Maria Ivanovna returned to her desk.
Alex could tell that she considered the sole male representative of the specific minority sufficiently humiliated. He wished he could fall through the floor to the gym below and find a big enough bat to dispatch her.
“The terrified Jew set off instantly, at the full speed of his thin, shrunken legs.”
Since he didn’t fall through the floor, he began to hope that the teacher’s chair would collapse under her considerable weight, and she would expose her panties in the process of falling, a sky-blue flannel monstrosity reaching to her knees, according to the boys at the front desk.
“Fall to the earth with a sound of thunder…”
No such luck.
In the story, Taras killed his son Andrii, a turncoat. An enterprising folklorist inserted this line at the book’s margins: “’I’ll kill you with what I’ve sired you with,’ Taras told Andrii and stepped two meters aside.”
Alex listened to the teacher telling the kids why it was beneficial for the small nations of the Caucasian Mountains to become a part of Russia in the 19th century, and thought about Taras’ underlings in the end of the story.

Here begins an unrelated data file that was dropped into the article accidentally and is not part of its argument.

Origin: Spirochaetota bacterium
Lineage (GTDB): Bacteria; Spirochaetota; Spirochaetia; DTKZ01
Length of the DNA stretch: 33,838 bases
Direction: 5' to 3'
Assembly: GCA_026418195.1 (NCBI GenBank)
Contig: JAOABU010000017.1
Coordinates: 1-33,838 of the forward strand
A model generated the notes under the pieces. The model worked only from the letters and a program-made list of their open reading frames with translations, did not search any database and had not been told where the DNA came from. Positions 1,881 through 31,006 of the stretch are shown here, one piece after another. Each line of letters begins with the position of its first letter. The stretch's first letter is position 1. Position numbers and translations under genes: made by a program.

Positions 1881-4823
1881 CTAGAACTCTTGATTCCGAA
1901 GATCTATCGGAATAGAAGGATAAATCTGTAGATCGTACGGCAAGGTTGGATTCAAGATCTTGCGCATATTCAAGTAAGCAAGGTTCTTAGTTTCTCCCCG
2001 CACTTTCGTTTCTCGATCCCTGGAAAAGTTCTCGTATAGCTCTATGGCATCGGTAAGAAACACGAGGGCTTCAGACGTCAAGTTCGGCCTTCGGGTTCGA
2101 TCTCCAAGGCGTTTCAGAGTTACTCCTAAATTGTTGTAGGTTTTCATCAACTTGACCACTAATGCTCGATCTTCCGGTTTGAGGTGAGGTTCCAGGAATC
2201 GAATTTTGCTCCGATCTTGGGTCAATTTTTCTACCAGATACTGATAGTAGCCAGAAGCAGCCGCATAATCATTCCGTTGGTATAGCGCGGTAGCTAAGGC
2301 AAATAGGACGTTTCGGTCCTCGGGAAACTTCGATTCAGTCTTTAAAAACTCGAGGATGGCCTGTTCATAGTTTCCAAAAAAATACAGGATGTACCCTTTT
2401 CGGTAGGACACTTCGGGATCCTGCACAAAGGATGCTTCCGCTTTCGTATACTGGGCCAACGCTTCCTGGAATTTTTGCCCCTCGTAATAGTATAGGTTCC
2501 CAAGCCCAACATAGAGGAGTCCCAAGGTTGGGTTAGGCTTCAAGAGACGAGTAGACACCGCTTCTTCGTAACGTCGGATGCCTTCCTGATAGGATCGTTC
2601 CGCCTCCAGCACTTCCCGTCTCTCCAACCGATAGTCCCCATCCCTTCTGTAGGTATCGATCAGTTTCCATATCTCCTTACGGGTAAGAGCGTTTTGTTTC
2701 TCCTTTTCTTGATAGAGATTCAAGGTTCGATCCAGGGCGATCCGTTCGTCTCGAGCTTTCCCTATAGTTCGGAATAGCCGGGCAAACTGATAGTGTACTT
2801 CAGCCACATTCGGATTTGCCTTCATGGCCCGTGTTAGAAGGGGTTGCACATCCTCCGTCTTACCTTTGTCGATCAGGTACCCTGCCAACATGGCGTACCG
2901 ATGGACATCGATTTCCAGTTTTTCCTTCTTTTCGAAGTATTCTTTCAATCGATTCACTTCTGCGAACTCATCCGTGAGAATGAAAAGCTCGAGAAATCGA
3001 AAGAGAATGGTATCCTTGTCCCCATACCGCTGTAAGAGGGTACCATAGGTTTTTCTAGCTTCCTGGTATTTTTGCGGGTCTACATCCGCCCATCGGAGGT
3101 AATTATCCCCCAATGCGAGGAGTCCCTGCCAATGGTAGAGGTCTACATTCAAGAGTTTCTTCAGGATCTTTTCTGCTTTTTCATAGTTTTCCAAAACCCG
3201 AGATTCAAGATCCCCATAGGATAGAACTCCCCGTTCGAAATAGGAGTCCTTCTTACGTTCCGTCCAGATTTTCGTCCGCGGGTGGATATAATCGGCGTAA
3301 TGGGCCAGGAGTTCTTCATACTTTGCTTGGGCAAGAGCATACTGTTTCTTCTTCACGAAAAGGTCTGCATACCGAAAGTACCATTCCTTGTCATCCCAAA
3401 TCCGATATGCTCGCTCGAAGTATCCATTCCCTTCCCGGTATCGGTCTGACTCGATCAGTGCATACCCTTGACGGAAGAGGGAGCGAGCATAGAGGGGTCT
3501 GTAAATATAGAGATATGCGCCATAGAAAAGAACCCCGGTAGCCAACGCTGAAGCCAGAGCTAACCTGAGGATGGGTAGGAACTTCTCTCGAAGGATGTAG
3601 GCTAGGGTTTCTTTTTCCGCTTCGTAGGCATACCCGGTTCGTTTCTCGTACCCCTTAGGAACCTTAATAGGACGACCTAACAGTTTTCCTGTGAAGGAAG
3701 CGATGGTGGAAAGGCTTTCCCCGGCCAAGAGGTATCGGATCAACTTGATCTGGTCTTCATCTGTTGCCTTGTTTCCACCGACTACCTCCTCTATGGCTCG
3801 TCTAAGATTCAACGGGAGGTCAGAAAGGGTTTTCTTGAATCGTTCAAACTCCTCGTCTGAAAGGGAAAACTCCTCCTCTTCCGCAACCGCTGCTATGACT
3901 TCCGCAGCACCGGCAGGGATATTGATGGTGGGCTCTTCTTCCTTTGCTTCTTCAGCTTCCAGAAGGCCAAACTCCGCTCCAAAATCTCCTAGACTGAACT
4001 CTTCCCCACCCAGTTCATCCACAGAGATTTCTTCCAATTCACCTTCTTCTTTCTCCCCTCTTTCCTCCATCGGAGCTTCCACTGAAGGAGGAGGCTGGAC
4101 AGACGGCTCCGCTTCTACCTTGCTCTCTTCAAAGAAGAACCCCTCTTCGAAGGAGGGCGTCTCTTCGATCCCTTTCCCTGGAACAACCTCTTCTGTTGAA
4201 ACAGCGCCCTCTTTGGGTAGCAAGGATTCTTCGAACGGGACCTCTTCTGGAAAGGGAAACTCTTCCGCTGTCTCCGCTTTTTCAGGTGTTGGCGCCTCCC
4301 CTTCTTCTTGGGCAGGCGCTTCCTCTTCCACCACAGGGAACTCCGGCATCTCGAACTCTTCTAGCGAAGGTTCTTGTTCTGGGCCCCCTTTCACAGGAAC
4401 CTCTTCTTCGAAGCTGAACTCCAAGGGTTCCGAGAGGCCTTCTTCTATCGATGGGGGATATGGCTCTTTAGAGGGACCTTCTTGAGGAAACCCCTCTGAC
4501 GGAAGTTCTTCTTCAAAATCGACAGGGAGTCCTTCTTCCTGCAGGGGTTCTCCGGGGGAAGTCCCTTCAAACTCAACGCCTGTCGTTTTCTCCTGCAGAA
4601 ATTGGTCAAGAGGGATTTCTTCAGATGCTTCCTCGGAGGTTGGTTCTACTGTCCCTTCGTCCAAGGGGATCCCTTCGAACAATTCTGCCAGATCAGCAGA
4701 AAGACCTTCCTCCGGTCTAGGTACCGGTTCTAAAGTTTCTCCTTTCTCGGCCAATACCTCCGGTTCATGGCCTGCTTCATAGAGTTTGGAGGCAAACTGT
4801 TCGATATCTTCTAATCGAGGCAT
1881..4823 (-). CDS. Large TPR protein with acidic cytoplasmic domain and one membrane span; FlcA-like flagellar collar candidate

“The Cossacks rowed swiftly on in the narrow double-ruddered boats—rowed stoutly, carefully shunning the sandbars, and cleaving the ranks of the birds, which took wing—rowed, and talked of their hetman.”
The teacher kept talking. The wound of her mouth kept opening and closing. But Alex didn’t listen any longer.
After the bell, he strolled along the hallway, its walls decorated with the portraits of famous Russian writers, until he stopped by the portrait of Gogol, dapper with his long hair and trimmed mustache.
“How come you were an anti-Semitе, Nikolai Vasilievich?”
Gogol barely moved his lips. “Because I was a product of my time.”
“That’s just a cliché. Next thing you’d say you had Jewish friends.”
Gogol didn’t even bat an eyelash. “My estate manager was Jewish. I gave him presents for Easter. His name was Trotsky.”
“David. The help loved him.”
Something moved behind Alex. A reflection of red fire fell on the writer’s face, and he squinted.
“Are you talking to yourself?”
Alex turned around. Rimma.
“No way. Just interrogating Gogol. In Ukrainian.”
“Trying to be funny?”
“Trying? I’m always funny… Would you like to go rowing with me? My Grandpa’s friend has a boat.”
“I’d love to.”